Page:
Massimo Vitali is a man who has built a career at the point where land and water meet. An for enthusiasm for beaches has earned the Lucca-based Italian photographer comparisons with Martin Parr, but where Martin’s lens zooms uncomfortably close to his sand-coated, sunburnt subjects, Massimo’s images cram in as many sunbathers as possible. “Because if I were to photograph it close up, I always fear that I’m missing something,” he tells us.
In the 70s, the photographer, then in his 20s, began his career as a photojournalist, but the time the 80s were underway he had grown disenchanted with photography and found work as a movie camera operator. In 1995, Massimo took up a fine art photography practise, using large format film cameras to photograph Italy’s sunny beaches in an attempt to expose the inner and exterior lives of the nation’s people. “It’s not necessarily only around beaches and pools, but around beaches and pools these things are easier to detect and describe,” he explains. “I think it’s the best possibility to easily study our society and its changes.”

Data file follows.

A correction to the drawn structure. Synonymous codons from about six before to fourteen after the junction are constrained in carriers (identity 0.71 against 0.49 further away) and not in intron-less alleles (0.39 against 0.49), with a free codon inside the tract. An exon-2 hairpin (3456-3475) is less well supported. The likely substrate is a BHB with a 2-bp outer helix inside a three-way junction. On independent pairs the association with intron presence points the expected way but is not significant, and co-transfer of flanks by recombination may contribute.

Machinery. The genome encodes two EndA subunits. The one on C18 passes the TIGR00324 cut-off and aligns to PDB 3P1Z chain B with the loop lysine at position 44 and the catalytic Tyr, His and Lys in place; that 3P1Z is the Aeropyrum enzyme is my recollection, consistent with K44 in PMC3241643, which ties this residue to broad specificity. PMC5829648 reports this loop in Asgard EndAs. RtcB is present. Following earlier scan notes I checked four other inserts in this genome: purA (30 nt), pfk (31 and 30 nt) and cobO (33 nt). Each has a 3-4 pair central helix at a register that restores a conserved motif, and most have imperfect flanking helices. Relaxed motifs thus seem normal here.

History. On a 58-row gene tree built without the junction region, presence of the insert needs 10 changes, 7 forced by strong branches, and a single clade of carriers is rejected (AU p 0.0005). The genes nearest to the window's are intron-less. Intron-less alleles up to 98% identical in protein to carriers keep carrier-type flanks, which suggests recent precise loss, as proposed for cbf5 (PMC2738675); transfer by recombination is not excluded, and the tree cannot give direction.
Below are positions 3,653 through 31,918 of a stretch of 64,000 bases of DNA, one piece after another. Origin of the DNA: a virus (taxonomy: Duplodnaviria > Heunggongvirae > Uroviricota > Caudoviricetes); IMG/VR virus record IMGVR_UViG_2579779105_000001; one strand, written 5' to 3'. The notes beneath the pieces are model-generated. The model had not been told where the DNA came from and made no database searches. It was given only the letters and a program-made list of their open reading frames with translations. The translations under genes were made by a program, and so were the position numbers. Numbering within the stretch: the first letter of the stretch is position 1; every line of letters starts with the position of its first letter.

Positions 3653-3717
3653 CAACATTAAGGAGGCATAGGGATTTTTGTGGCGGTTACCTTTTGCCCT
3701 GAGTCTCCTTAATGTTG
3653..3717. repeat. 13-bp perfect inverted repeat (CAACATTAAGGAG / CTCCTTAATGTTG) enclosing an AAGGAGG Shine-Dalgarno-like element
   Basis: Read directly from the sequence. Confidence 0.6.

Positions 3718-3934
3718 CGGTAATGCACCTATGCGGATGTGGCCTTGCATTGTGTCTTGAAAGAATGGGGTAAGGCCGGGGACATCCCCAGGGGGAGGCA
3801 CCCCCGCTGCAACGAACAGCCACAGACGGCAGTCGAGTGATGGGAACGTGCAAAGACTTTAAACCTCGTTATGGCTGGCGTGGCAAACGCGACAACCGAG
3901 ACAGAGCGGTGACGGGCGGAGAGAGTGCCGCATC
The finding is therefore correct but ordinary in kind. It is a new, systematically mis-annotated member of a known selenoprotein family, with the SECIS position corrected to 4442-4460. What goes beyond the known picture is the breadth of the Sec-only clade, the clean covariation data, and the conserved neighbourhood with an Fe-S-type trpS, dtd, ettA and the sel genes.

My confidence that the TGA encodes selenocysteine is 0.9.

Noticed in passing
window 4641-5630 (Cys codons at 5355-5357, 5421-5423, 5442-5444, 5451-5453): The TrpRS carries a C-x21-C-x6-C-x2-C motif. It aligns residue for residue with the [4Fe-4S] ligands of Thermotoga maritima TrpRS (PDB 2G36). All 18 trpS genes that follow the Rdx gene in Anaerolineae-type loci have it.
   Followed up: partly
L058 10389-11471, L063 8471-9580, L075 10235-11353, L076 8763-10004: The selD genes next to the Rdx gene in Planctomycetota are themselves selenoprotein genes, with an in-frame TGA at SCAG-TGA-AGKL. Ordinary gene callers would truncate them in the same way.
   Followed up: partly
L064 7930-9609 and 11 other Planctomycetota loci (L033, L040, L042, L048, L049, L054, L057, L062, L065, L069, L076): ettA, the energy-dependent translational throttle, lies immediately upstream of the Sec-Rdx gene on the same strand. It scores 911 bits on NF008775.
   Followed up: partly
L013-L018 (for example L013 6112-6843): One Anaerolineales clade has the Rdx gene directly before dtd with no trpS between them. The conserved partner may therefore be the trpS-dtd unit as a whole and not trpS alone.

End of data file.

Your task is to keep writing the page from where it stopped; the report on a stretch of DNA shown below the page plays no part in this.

It’s no surprise then that Massimo’s latest show Disturbed Coastal Systems returns to beaches once again. “Yes, it’s still only beaches, but different beaches,” the photographer says. “Today’s beaches have an impending sense of doom. Not the careless leisure of the beginning of the century.”
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